The Supreme Court of Canada has agreed to hear a case involving a teenage girl targetted by a cyberbullying campaign on Facebook in March 2010, when she was 15 years old. The girl, known by initials A.B. to protect her identity, found out that someone had created a fake Facebook profile for her using a variation of her name, along with her photo and other identifying characteristics.
The court’s website reports that the fake profile “also discussed the applicant’s physical appearance, her weight, and allegedly included scandalous sexual commentary of a private and intimate nature.” The profile has since been taken down.
The Court agreed to the girl’s petition to force the web hosting provider to disclose the identity of the person who created the profile based on their IP address, but refused her request on a partial publication ban on the details that were posted on the website.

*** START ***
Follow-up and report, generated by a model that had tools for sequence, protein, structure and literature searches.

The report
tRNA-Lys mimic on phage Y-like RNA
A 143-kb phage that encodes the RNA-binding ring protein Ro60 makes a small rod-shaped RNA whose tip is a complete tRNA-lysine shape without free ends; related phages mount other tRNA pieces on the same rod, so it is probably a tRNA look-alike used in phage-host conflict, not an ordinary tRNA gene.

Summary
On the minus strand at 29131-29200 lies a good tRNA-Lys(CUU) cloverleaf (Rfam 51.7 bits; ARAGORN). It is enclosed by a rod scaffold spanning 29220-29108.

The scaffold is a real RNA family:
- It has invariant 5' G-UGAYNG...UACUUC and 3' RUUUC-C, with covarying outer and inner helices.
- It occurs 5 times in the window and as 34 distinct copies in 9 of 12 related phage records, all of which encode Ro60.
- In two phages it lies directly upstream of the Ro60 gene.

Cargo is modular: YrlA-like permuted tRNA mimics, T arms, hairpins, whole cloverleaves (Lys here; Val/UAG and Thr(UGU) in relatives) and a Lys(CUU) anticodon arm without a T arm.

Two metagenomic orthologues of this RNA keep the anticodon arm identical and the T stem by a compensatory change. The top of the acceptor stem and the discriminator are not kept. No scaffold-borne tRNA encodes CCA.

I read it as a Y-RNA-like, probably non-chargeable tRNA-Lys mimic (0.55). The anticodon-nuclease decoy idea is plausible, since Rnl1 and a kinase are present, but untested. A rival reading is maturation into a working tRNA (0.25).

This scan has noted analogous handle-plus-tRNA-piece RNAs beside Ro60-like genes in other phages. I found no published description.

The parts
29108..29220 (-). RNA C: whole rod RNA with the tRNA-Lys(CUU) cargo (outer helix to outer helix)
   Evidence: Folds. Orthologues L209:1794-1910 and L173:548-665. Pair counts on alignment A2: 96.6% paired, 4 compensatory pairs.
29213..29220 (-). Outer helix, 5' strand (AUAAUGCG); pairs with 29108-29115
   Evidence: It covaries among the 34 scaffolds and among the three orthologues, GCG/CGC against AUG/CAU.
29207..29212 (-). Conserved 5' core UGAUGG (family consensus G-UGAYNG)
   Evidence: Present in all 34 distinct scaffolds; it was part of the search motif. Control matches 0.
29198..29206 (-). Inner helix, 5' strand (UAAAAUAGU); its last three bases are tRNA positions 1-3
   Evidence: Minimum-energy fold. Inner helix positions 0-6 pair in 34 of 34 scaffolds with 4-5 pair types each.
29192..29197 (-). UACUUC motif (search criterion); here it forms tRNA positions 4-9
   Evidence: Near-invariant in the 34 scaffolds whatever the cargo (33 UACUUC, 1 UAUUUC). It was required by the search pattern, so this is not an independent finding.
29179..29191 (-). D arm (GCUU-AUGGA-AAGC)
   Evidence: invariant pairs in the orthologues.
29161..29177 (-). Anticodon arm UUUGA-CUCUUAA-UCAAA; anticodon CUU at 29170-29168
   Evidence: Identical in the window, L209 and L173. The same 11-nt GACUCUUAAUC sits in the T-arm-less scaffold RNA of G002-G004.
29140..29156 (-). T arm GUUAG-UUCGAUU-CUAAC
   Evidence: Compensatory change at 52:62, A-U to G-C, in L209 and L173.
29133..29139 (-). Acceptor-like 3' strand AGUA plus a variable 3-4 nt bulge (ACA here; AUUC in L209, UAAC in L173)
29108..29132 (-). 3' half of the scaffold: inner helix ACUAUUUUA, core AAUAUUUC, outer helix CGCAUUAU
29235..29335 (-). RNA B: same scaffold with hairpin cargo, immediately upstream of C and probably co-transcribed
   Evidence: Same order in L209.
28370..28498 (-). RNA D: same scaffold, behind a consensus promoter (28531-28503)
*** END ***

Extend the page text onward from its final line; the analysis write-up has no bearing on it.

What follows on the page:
This is important, because protecting her identity in the case is a significant part of protecting her from further torment. A CBC News report on the case said this case will weigh the best interests of someone who has been cyberbullied against the public’s right to transparency in legal matters.
According to the Court, the case is about “the inherent vulnerability of young girls subject to on-line sexualized bullying and serious risk of harm to them if they are required to republish comments and reveal their identity to seek a remedy.”
Given all of this, and the ordeal this teenager has already been through, one has to question why it’s necessary to parade her through the court system in a public way. Hasn’t she suffered enough? What does the Canadian public gain in connecting embarrassing, false comments about her weight and sexual behaviour to the actual identity of a minor?
At very least, this case does represent an important example of cyberbullying being tested for the crime it is in the highest court of the land. It also promises to expose the identities of the bully(ies) behind the fake Facebook profile, assuming they were not successful in hiding their real IP address. This hearing, expected to make its way to docket by October 2012, will definitely be one to watch.